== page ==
4.
Process Modeling
4.2. Underlying Assumptions for Process Modeling 4.2.1. What are the typical underlying assumptions in process modeling?


All Data Treated Equally by Most Process Modeling Methods  Due to the presence of random variation, it can be difficult to determine whether or not all of the data in a data set are of equal quality. As a result, most process modeling procedures treat all of the data equally when using it to estimate the unknown parameters in the model. Most methods also use a single estimate of the amount of random variability in the data for computing prediction and calibration uncertainties. Treating all of the data in the same way also yields simpler, easiertouse models. Not surprisingly, however, the decision to treat the data like this can have a negative effect on the quality of the resulting model too, if it turns out the data are not all of equal quality.  
Data Quality Measured by Standard Deviation  Of course data quality can't be measured pointbypoint since it is clear from direct observation of the data that the amount of error in each point varies. Instead, points that have the same underlying average squared error, or variance, are considered to be of equal quality. Even though the specific process response values observed at points that meet this criterion will have different errors, the data collected at such points will be of equal quality over repeated data collections. Since the standard deviation of the data at each set of explanatory variable values is simply the square root of its variance, the standard deviation of the data for each different combination of explanatory variables can also be used to measure data quality. The standard deviation is preferred, in fact, because it has the advantage of being measured in the same units as the response variable, making it easier to relate to this statistic.  
Assumption Not Needed for Weighted Least Squares  The assumption that the random errors have constant standard deviation is not implicit to weighted least squares regression. Instead, it is assumed that the weights provided in the analysis correctly indicate the differing levels of variability present in the response variables. The weights are then used to adjust the amount of influence each data point has on the estimates of the model parameters to an appropriate level. They are also used to adjust prediction and calibration uncertainties to the correct levels for different regions of the data set.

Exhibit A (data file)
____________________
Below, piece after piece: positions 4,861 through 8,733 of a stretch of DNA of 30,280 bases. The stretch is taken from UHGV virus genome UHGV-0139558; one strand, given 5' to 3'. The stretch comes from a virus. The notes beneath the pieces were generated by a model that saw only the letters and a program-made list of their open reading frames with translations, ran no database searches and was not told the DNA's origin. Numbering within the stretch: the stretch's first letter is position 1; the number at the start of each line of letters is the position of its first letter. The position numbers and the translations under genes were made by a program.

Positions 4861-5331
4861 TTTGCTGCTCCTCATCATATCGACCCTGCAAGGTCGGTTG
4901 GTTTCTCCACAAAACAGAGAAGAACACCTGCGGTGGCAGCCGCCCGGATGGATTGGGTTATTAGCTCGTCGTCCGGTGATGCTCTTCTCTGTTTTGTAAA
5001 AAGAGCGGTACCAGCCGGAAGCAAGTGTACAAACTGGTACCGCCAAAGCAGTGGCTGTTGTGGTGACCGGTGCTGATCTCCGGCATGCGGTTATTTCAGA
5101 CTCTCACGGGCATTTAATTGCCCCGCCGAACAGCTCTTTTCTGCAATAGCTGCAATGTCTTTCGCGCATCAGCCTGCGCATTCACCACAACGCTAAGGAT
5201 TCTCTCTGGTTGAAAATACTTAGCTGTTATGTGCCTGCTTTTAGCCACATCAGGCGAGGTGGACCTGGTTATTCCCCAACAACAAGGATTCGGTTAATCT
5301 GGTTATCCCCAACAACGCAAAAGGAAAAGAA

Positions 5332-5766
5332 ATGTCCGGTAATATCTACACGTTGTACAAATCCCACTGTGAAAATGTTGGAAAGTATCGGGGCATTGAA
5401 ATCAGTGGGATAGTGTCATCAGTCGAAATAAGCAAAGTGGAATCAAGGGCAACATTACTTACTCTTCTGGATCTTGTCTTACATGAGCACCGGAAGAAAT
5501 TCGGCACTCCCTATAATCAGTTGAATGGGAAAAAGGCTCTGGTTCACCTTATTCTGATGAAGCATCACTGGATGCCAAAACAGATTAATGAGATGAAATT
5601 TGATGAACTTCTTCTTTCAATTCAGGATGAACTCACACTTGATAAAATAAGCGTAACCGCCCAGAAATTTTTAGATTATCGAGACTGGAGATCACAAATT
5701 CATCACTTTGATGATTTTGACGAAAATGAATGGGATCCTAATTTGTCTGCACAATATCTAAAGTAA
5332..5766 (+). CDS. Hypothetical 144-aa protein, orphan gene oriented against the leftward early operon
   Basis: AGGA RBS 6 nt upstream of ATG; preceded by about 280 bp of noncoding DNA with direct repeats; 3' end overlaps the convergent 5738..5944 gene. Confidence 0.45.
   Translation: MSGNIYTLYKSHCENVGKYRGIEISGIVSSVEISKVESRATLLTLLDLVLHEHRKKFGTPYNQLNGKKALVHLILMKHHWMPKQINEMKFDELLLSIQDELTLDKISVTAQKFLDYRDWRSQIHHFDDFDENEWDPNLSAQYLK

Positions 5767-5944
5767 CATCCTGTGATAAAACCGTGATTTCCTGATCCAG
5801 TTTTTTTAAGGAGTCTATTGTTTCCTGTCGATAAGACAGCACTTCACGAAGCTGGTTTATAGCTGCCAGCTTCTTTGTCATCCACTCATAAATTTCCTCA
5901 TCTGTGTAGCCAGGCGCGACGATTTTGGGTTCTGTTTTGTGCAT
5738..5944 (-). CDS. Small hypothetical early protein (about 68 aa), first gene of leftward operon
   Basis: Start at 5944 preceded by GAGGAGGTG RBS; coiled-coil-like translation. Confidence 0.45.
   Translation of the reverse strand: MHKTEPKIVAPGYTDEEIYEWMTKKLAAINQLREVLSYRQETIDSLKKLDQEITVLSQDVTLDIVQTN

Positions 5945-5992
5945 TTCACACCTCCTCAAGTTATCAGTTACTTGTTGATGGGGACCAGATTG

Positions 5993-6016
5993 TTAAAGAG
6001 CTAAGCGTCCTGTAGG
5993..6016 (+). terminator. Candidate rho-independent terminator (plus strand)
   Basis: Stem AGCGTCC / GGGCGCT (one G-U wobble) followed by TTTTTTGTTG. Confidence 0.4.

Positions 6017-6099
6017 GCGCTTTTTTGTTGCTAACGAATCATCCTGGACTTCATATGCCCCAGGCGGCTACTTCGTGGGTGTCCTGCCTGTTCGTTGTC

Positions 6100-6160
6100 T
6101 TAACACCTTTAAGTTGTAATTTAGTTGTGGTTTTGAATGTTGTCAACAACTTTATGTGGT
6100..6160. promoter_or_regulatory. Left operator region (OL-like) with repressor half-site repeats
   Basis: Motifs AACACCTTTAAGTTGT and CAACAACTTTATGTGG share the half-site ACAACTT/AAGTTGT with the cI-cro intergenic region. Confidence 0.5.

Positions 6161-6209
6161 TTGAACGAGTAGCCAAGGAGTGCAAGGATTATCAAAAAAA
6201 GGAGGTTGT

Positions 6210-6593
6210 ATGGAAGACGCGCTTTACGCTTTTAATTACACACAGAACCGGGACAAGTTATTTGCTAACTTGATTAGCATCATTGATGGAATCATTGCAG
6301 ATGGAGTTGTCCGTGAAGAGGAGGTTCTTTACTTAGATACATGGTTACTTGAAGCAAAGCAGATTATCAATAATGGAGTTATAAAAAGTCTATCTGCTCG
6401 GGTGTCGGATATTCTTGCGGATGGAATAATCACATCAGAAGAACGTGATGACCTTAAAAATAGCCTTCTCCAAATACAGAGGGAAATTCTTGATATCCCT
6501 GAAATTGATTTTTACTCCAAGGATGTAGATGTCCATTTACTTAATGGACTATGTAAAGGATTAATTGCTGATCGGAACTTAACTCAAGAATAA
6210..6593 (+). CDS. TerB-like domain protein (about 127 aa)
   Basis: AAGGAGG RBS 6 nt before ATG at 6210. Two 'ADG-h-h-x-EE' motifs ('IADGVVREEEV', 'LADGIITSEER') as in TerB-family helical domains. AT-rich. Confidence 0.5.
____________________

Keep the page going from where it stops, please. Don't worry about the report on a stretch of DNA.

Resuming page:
Assumption Does Apply to LOESS  Even though it uses weighted least squares to estimate the model parameters, LOESS still relies on the assumption of a constant standard deviation. The weights used in LOESS actually reflect the relative level of similarity between mean response values at neighboring points in the explanatory variable space rather than the level of response precision at each set of explanatory variable values. Actually, because LOESS uses separate parameter estimates in each localized subset of data, it does not require the assumption of a constant standard deviation of the data for parameter estimation. The subsets of data used in LOESS are usually small enough that the precision of the data is roughly constant within each subset. LOESS normally makes no provisions for adjusting uncertainty computations for differing levels of precision across a data set, however.